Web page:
We are sitting in the living room of the Swiss artist Ursula Katipoglu in Kuzguncuk, a calm quartier of Istanbul. There are paintings of hers and of her husband on the walls: Ursula´s paintings are showing colourful abstractions mostly of mountains and cities. Yusuf´s paintings, in contrast, are telling stories in sober colours. Ursula is originally from a rural region of south-east Switzerland, and Yusuf comes from Trabzon. They have been living and painting in Kuzguncuk for over 35 years.
Let us start from the beginning of the story: In 1978 Ursula and her friend came to the north-east province Trabzon at the Black Sea for vacation. There Ursula met one of the few artists of the city, the painter Yusuf Katipoğlu. Back in Switzerland, she organized an exposition for Yusuf with a friendly gallery owner to which Yusuf went with the slides of his works one year later. One year and many letters later, Ursula decided to move to Istanbul and continue her artistic career in Turkey.
Together with Yusuf she rented an apartment in Kuzguncuk and started to discover the city on the Bosporus through numerous excursions with the eyes of a curious artist. Especially her impressions about Istanbul´s architecture changed the style of her works in the course of the first years: In Switzerland she had received a classic art education and had also worked with traditional glass painting but now her art became more and more abstract. Ursula talks about market stands which were still covered with fabrics sewn together from different and varicoloured materials back then. “Such impressions were transformed to abstract paintings on the canvas.”
However, what did it mean for a Swiss artist to come to Turkey in the 80s? Ursula remembers: “Then, there was a pretty closed art community, less impact from Europe and just a few art galleries.” In contrast to Europe, painting had just a few well-known representatives in Turkey and no sweeping tradition. The Turkish appreciation of art was limited to craft-work like carpet weaving, fabrication of embroidery or the production of crockery. Even today it is an exception to put paintings on walls instead of religious messages, wedding pictures or kilims.
Although Ursula´s colourful oil paintings aroused huge interest in the art scene of the 80s among “dark, more melancholic paintings”, as she describes, she and her husband could not afford their living only through art and the money put aside was hardly enough for one year. Therefore, they exhibited their works in Switzerland now and then. In answer to the question of why she has stayed in Istanbul and not returned to Switzerland, she says promptly and clearly: “Yusuf couldn’t stand living there.”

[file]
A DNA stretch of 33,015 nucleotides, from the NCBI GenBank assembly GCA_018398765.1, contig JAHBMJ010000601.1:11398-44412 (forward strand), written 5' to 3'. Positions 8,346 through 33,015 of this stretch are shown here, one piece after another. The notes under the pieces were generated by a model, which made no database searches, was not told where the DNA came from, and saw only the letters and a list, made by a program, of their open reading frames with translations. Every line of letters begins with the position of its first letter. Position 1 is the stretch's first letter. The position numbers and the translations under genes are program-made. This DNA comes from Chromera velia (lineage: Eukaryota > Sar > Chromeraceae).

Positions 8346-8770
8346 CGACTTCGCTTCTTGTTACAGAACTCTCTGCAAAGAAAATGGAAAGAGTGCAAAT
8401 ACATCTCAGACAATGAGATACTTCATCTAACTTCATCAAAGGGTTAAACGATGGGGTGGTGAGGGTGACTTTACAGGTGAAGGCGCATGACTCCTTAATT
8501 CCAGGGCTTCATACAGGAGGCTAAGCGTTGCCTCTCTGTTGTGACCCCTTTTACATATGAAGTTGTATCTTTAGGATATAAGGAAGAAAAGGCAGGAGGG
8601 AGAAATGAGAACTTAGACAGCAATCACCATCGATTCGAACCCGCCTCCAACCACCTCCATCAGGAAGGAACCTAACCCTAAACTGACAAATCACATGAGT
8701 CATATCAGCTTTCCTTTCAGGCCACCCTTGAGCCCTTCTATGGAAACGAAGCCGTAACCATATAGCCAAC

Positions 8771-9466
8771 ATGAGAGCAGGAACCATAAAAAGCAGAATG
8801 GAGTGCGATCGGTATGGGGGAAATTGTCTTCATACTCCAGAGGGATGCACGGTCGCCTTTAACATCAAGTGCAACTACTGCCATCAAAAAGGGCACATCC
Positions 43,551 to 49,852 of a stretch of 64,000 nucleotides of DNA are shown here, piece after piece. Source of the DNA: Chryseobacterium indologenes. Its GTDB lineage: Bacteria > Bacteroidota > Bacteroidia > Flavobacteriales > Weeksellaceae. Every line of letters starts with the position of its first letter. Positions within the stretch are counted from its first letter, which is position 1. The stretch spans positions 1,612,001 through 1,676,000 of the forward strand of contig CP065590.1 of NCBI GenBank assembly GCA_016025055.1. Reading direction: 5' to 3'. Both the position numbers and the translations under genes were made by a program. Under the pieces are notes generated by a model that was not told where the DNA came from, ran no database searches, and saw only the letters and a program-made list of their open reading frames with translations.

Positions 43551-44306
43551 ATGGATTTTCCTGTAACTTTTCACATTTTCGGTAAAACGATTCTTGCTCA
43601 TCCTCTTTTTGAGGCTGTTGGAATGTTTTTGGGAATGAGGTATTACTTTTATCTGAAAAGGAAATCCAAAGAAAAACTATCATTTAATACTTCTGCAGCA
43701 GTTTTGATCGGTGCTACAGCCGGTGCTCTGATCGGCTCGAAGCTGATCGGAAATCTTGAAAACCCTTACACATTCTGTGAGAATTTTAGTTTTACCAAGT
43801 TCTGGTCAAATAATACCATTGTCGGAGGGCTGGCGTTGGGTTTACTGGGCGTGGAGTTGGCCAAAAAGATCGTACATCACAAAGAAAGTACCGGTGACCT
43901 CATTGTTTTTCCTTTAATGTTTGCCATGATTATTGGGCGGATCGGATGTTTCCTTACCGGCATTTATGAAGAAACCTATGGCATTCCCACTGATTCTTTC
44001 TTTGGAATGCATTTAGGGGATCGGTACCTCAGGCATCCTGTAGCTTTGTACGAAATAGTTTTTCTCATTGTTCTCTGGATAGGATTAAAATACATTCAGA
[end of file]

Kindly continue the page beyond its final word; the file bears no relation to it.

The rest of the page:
Has she missed anything? Yes! For a long time, she could not join discussions and participate in more serious conversations, which was because of two reasons: On the one hand, language courses were hardly in demand during the 80s, the time of the military coup in Turkey. On the other hand, she focused rather on visual aspects as an artist. Hence, it took her a long time to have command of the Turkish language. For the education of her two sons, she prioritized then the Turkish language in order to offer them, as children of a foreigner, a linguistic uniformity and therefore avoid confusion. Moreover, she did not see any necessity to teach the boys Swiss German. Standard German is a kind of foreign language for her although it is familiar to her sons
Ursula tells us that till this day money is not spent for art in Turkey, there are rarely collectors and art classes in schools are unfortunately not seen as important. The artists of Kuzguncuk draw back more and more. Touristic hypes prevail in the nostalgic quartier at the base of the Bosporus bridge. Ten years ago Ursula tried with other artists to carry art on streets; however, her opinion is that today just the newly rich buy “decorations” without any interest for art.
In the past ten years Ursula and Yusuf exhibit successfully in the gallery in Kuzguncuk often times, but in Switzerland their last organized exhibition was ten years ago. High custom stipulations turn exhibitions outside Turkey to a very expensive undertaking. Yet, within the framework of a family organized and consciously small exposition they could again present their works there in fall 2014.
Ursula wonders sometimes: “What would I have done if I had stayed in Switzerland?” and she answers pleased: “I think that Turkey was good for me.”
We leave the final word to her. “You may also say that young art gets more in demand but old artists don’t want to face up this hustle and bustle of competition. I think you´re getting slowly older,” she says and laughs.
Text: Cornelia Belkin, Tuğba Yalçınkaya Translation: Serap Güngör
MAVIBLAU is a German-language online magazine which is based in Istanbul and deals with stories, events and encounters between Turkey and the German-speaking world in the field of art, culture and society.
Photo Credits: Charlotte Schmitz